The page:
The man at the helm of the owners of Wade Ceramics said he was committed to keeping the three factories operational and beating off foreign competition.
Edward Duke is chief executive of Leeds-based Beauford PLC which bought the company several years ago.
He said: ''The current dispute is starting to hurt the business and we are struggling to get orders out in time for our customers.
''However, at present they are giving us their support but I do not believe that will last forever.''
He claimed the dispute centred on new contracts he wanted all 743 hourly-paid workers to accept.
These mean cutting the present 220 different wage rates down to just 12.
The overall effect would not change the firm's total wage bill but would mean the cash was better distributed.
The aim is to enable the firm to switch employees between different jobs depending on the level of orders.
Wade, which has three factories in Burslem, the company produces a wide range of different products.
These include both household and industrial products as well as components for other use in manufacturing processes.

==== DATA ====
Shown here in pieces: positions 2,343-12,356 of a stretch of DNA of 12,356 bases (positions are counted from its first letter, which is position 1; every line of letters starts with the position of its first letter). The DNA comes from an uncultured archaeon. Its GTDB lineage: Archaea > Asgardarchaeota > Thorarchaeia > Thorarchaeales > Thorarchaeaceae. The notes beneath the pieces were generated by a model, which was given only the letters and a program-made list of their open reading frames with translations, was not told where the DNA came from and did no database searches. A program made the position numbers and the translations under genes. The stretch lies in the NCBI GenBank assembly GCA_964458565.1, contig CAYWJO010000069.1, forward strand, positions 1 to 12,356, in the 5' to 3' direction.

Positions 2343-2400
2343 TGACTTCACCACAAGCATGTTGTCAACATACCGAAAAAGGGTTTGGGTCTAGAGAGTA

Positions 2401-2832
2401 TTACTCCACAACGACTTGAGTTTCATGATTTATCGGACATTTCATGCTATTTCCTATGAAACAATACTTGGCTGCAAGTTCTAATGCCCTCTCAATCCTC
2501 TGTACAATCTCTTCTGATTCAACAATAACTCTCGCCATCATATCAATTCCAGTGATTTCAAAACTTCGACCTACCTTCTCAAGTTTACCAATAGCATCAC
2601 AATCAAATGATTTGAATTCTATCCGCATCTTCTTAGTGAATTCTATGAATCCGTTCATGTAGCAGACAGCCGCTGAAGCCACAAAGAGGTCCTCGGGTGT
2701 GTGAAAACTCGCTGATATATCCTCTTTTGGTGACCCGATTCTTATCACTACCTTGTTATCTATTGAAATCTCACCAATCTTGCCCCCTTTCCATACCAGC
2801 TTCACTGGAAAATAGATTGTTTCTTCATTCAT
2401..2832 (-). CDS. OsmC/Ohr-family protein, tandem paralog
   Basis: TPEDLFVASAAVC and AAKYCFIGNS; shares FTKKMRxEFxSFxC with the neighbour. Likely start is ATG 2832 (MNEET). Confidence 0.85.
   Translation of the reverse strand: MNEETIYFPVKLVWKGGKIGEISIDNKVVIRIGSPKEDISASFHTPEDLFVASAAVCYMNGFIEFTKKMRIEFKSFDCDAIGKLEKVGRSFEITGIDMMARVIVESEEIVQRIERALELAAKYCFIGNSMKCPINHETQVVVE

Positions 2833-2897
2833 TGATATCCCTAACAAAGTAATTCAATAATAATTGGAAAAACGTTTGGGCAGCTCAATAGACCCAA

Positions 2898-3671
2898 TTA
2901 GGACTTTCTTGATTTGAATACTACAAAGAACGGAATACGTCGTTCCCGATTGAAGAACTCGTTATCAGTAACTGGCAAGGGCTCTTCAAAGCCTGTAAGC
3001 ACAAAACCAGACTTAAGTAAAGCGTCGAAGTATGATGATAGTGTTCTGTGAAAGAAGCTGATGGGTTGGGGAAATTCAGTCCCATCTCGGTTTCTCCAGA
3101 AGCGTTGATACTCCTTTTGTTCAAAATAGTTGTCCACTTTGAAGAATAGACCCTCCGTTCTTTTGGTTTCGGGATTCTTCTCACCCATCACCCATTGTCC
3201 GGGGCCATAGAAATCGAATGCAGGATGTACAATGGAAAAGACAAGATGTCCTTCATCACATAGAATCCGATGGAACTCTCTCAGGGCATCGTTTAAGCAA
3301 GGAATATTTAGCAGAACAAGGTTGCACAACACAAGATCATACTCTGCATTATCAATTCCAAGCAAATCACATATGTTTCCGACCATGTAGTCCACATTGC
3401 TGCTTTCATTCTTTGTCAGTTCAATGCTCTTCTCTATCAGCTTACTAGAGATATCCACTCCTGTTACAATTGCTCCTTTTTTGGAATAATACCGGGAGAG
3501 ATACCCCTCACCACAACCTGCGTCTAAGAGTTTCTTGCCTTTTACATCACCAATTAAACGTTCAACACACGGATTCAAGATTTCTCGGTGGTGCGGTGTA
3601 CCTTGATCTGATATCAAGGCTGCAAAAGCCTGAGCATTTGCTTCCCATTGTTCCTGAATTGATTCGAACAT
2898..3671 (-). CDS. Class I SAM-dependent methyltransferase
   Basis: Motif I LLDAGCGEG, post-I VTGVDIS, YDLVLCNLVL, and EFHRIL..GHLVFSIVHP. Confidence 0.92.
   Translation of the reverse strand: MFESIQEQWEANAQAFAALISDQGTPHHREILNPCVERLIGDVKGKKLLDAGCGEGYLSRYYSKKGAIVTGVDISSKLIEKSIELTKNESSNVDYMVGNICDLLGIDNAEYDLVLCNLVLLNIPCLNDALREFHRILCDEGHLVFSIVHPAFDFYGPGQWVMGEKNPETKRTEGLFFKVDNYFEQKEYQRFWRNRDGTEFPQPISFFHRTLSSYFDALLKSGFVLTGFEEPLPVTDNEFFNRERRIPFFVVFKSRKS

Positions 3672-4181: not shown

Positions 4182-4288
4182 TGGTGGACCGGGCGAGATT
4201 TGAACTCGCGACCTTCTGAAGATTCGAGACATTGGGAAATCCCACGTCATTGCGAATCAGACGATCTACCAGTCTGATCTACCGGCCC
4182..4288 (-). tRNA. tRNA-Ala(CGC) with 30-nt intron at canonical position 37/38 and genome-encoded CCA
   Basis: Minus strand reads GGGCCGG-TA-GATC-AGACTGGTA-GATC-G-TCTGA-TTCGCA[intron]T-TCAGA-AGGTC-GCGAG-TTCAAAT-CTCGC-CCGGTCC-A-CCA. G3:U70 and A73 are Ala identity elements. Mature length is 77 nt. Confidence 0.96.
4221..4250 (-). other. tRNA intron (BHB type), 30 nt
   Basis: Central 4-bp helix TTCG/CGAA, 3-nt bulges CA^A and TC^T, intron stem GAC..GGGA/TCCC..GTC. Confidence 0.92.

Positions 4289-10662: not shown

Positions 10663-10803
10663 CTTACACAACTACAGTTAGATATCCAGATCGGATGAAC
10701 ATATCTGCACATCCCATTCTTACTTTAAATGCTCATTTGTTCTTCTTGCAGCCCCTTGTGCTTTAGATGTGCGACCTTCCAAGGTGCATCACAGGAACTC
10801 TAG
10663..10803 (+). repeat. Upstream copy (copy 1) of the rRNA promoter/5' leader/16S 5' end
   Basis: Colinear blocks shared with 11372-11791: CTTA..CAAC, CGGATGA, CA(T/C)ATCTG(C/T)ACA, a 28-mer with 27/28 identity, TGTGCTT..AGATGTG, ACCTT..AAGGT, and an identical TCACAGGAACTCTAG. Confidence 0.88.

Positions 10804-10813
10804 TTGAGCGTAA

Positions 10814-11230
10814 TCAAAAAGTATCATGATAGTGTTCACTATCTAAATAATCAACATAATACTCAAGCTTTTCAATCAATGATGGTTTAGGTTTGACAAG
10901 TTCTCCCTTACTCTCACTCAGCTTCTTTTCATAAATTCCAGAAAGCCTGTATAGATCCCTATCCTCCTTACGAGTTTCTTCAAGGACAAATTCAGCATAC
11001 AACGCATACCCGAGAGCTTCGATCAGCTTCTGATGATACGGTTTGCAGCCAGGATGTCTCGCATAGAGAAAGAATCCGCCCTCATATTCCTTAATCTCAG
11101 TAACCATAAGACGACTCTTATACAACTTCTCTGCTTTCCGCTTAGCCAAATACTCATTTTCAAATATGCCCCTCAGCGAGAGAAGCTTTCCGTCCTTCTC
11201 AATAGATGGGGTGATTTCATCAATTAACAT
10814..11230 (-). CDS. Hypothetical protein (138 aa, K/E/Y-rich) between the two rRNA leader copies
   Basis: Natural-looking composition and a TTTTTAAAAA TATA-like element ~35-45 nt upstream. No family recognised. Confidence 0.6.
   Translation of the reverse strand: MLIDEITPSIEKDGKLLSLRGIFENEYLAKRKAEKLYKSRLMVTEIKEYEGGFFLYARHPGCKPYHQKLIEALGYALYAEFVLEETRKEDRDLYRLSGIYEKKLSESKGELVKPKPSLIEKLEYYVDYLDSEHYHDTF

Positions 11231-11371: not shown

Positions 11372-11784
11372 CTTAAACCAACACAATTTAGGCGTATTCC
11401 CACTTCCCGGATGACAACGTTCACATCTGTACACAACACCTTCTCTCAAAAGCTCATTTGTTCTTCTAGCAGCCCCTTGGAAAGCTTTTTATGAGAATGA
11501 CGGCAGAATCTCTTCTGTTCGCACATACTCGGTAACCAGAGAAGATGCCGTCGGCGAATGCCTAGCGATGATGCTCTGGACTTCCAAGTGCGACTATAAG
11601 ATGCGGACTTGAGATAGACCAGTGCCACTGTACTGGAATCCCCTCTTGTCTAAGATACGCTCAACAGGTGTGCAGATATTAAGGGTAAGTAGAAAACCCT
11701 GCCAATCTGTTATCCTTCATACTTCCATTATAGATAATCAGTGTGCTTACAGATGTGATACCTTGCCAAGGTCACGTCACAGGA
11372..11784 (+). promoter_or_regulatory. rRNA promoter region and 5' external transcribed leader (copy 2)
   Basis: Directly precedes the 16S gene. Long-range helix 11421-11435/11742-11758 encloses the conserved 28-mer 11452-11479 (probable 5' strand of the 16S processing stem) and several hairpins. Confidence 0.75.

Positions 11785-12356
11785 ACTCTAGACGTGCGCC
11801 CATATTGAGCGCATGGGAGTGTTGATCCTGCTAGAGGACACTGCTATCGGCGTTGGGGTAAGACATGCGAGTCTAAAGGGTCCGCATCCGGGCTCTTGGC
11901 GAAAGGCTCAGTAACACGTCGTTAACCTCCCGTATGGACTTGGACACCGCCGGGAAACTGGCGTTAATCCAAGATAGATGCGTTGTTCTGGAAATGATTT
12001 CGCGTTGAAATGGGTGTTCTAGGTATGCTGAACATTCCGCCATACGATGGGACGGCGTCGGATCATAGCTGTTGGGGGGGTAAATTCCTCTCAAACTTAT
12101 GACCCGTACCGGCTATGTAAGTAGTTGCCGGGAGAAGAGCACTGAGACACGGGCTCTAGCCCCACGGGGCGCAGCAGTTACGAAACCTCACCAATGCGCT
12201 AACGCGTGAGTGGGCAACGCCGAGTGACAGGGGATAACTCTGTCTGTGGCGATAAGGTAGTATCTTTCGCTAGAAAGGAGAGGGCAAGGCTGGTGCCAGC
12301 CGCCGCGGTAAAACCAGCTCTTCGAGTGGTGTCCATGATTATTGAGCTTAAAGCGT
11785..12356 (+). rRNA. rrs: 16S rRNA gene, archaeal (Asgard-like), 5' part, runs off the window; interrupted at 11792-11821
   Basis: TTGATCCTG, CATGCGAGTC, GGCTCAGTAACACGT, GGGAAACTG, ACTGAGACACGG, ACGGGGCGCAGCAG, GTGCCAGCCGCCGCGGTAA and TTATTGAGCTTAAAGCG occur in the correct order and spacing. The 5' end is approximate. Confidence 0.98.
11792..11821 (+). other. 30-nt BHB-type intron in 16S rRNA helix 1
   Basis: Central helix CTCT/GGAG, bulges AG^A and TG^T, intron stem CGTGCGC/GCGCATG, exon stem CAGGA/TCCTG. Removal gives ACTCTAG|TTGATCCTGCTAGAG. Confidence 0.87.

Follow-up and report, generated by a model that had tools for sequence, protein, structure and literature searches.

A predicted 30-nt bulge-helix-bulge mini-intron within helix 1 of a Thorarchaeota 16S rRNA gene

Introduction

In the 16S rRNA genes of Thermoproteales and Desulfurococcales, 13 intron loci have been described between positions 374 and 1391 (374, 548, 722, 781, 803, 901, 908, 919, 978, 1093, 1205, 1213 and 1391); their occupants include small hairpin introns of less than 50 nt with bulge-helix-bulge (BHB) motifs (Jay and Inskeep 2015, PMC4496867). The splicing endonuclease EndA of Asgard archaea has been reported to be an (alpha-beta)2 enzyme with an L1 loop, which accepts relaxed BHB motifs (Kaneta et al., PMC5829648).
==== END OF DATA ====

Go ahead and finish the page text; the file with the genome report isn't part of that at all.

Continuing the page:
Mr Duke said: ''Many of these products have peak sales at different times of the year and we want to build in flexibility to swap workers between different jobs depending on order levels.
''However, with some workers earning rates of pay of £330 a week this would make some of the products too expensive.
''This would mean our sales would be taken over by overseas competitors, mainly from the Far East.''
He said he believed passionately in British manufacturing and was upset to see so many products being imported when they should be made in Britain.
''When I was younger I cried at the end of the British motorcycle industry. It is so wrong the foreign competition is taking over British jobs,'' he said.
''The most important people in this country are the shop-floor workers who actually make the products which generate wealth.
''Here at Wade I believe we have a wonderful group of highly talented and skilled staff and I want to see them have a sound, solid future.
''The only way we can achieve that is to introduce the changes which are currently being resisted by CATU.''
Mr Duke claims that under the new proposals almost half the employees would see their wages rise but 198 would lose money.
He claimed just 10 workers would see their wages cut by the often-quoted £90 a week.Last week the firm took CATU to the High Court in Manchester in a bid to gain an injunction against further strikes but, according to Mr Dukes it ''failed badly'' in its attempt. He said the sole aim of the action was to force a second ballot.